* Three 2-hole rigid straps to secure the pole to the side of our shed for stability. The bottom is set a few inches into the ground, but bracing it on the shed is what's really holding it in place. We got 1" diameter straps, which fit snugly on the pole, rather than larger ones--despite the stated diameter of the pole. I'm glad we tested these in the store to check the fit. Each was 62¢. (Lowe's part number: 54771)
* Four 6 mm lock washers (810350.5), $1.83 for a bag of four (Lowe's part number: 59378), and non-rusting nuts (M6 x 1.00 mm, Lowe's part number: 52910), $2.98 for a bag of four. The wingnuts that are provided to tighten the brackets down on the antenna, holding it on the pole, seemed too likely to work themselves loose over time in wind and weather. If they come loose, the antenna comes crashing down off the pole. For an extra $5 we could feel more certain that won't happen.
* A bag of 20 eight-inch cable ties, $1.99 at the local hardware store, for securing the cable along the pole so it didn't flap around in the wind, and for running it neatly over to the house. We only needed 7 of these, but they come in a bag of 20.
* YOU MAY NOT NEED: Motorola 484095-001-00 Signal Booster - Cable + 15db Broadband Drop Amplifier, now $31.97 (on Dec. 25, 2009) from Amazon, and a 3-foot length of coax cable, less than $5 at Wal-Mart. We got ours used on eBay for $37 with a length of coax cable and adapter to reach and connect to the nearest power outlet. If we'd bought it new, we'd have had to add enough coax cable to reach from the amplifier to the nearest power outlet--the 6-foot included cable is unlikely to be long enough--but not the 3' cable we did buy separately. The amplifier should be mounted as close to the antenna as possible; we tried every conceivable configuration and found this was indeed best. We mounted it directly on the pole near the top, protected inside an inverted 3-liter soda bottle duct-taped in place. This protection is lo-tech but very effective and almost free. (TigerDirect has a more detailed product description but currently a slightly higher price. Look there for the details.)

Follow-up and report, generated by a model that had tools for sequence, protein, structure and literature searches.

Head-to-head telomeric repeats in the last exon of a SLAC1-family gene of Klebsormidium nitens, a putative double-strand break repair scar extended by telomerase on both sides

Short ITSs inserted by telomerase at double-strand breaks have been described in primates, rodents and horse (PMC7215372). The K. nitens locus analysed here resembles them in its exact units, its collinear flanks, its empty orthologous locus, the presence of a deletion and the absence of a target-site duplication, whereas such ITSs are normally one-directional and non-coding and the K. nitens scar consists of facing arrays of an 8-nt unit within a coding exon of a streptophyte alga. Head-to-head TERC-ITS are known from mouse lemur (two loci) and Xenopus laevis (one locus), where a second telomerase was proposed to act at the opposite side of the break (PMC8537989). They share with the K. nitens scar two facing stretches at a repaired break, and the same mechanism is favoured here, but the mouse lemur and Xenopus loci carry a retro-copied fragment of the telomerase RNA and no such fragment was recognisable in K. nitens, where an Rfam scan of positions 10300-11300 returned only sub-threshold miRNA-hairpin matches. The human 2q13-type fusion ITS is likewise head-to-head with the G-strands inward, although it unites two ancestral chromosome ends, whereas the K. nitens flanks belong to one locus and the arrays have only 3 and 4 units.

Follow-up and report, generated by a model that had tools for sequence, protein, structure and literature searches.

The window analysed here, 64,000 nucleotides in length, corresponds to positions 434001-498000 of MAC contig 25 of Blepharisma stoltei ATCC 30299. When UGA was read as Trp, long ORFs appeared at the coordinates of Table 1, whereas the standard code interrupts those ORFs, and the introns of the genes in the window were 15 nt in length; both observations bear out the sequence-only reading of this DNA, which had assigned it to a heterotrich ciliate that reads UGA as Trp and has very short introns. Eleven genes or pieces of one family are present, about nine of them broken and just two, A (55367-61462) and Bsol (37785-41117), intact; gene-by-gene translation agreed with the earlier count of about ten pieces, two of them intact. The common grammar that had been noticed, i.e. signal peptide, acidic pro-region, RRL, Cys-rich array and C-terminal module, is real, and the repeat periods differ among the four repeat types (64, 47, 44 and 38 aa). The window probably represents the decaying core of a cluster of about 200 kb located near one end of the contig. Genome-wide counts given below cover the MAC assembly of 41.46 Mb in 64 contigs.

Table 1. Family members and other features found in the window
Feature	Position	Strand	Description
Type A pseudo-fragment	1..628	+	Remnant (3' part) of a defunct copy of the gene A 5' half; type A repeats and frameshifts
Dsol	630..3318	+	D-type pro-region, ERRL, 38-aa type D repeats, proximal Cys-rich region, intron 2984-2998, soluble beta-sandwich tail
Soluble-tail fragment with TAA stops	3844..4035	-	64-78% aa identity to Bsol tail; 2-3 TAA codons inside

So, here's the summary of our additional expenses, total $101.47 in March 2009:
25 ft. Cable: $17.88
Fancy compass: $17.88
2 Poles: $18.88
2 Galvanized hex bolts, 1/4" x 2": $0.60
2 Galvanized locking washers: $0.32
2 Galvanized nuts: $0.26
Three 2-hole rigid straps $1.86
Four 6 mm lock washers $1.83
Four M6 x 1.00 mm nuts $2.98
Cable ties $1.99
Signal Booster $37.00
We've been using this for nine months now, and have more than made up for our initial investment. With this antenna, the internet, and our public library, we don't have time to watch even a fraction of the television available to us for free!
on May 9, 2007
I live over 50 miles from the stations. The DB8 is the best antenna I have found for long range reception. It is tuned for the higher DTV frequencies and is resistant to interference. It will be much harder to get the same results from a combination UHF/VHF antenna.
With my previous antenna, I could only receive 3 Of the 8 HD stations in my area.
After installing the DB8, I not only got all 8 stations with 85% or better signal strength, I was even able to improve the signal on my existing channels by about 20 points.
For the previous reviewers who had a problem, it was most likely an installation error. Unless you live very close to the towers, it's kind of hard to screw up DTV reception with a high gain UHF antenna like the DB8.
For long range reception the DB8 is best in class, but as much as I like its performance, this is probably not the best antenna for people living less than 5 miles from the transmitters, as it could possibly overload a tuner or attract multi-path interference.